DASICARPODOC means “DAve’s SImple CAR iPOd DOCk.” It is a way to integrate an iPod to a car without a headunit. It displays artist and track information on an LCD and provides simple iPod control via remote buttons. There is also a home version, using an stv5730 to provide video output for a TV or projector in the works.
The prototype hardware for this project is based on SimmStick modules from Dontronics.
Main Board – SIM100
The main board is a SIM100, with a few modifications:
- The power supply is protected from Load Dumps.
- The Tx signal is clamped to 3V to suit the iPod electrical specifications.
- A Trimpot is placed on the board for the iPod Accessory Identify signal.
- The ATMega32 SDA and SCL signals are routed to the correct SimmStick I/O line.
IO Module – DT209
The DT209 Module, loaded with three 8bit I/O ports, provides the I2C interface to the LCD display and push buttons.
The socketted DIP switches are loaded in place of darlington driver arrays specified in the DT209 design.
The ‘video’ version uses a DT108 from Dontronics
In order to build the source you will need to have avr-gcc installed. Visit this page for a step by step guide to building the complete GNU toolchain for the AVR target.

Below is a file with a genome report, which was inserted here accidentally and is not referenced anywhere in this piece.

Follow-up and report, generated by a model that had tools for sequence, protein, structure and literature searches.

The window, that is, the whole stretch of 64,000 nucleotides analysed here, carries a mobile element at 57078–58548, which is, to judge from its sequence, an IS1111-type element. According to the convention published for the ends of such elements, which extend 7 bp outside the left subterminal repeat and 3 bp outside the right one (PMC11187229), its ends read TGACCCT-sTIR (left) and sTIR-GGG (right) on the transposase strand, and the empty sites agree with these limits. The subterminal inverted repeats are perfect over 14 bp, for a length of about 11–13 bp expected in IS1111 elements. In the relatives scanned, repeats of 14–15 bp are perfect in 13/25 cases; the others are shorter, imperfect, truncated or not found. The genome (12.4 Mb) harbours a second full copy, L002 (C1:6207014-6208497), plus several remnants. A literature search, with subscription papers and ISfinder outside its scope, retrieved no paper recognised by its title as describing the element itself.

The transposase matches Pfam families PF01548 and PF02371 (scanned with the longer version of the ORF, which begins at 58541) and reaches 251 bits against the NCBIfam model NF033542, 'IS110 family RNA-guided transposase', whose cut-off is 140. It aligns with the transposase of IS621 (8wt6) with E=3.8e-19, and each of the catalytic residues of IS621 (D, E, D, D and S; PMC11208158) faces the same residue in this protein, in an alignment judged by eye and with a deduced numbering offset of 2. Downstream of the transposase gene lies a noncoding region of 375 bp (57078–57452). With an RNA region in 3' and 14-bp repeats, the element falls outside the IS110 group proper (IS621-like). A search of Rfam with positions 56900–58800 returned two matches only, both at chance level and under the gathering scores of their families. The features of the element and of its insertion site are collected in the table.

I’m currently using the AVR-LIBC and AVRGCC packages for ubuntu, go point and click Linux.
Layers Baby Layers
This diagram shows major software modules and software/hardware split.
Layer One – Hardware Interface Layer
The lowest software layer is comprised of three modules; I2C, SPI and SCI. The SCI module is responsible for communications between the iPod and dasicarpodoc. The I2C module drives the three PCF8574 8 bit I/O ports which in turn drive the LCD and Buttons. The SPI module drives the atmega internal SPI subsystem.
The SCI module drives the atmega’s internal SCI hardware. The SCI is initialised to 19200 8N1. The communications scheme is interrupt driven.
The I2C module drives the three PCF8574 8 bit I/O ports. Two of the ports control the LCD, the other interfaces to the buttons. The interface provided to upper layers is the function iicPortWrite(), which is a masked bit state maintaining PCF8574 driver. This module uses the atmega’s Two Wire Interface.
The SPI driver is part of the video module and provides access to the atmega’s SPI subsystem.
Layer Two – Driver API Layer
This layer provides a layer of abstraction, hiding direct hardware access. The four modules at this layer are the ipod, LCD, button and video modules.
The bulk of work done by this module is to format a command string to send to the iPod and to receive the iPod’s reply, interpreting the reply.
This module provides functions that drive the LCD display, after calling lcdOpen(), the bulk of work is done by calling lcdIoctl() and lcdPrint().
This module provides an interface for an array of (up to 8) buttons through the getButton() function.
This module provides functions that drive the stv5730 video IC.
Layer Three – Application Layer
This layer does stuff… …this is where you would put your code if you wanted to mess around with the driver.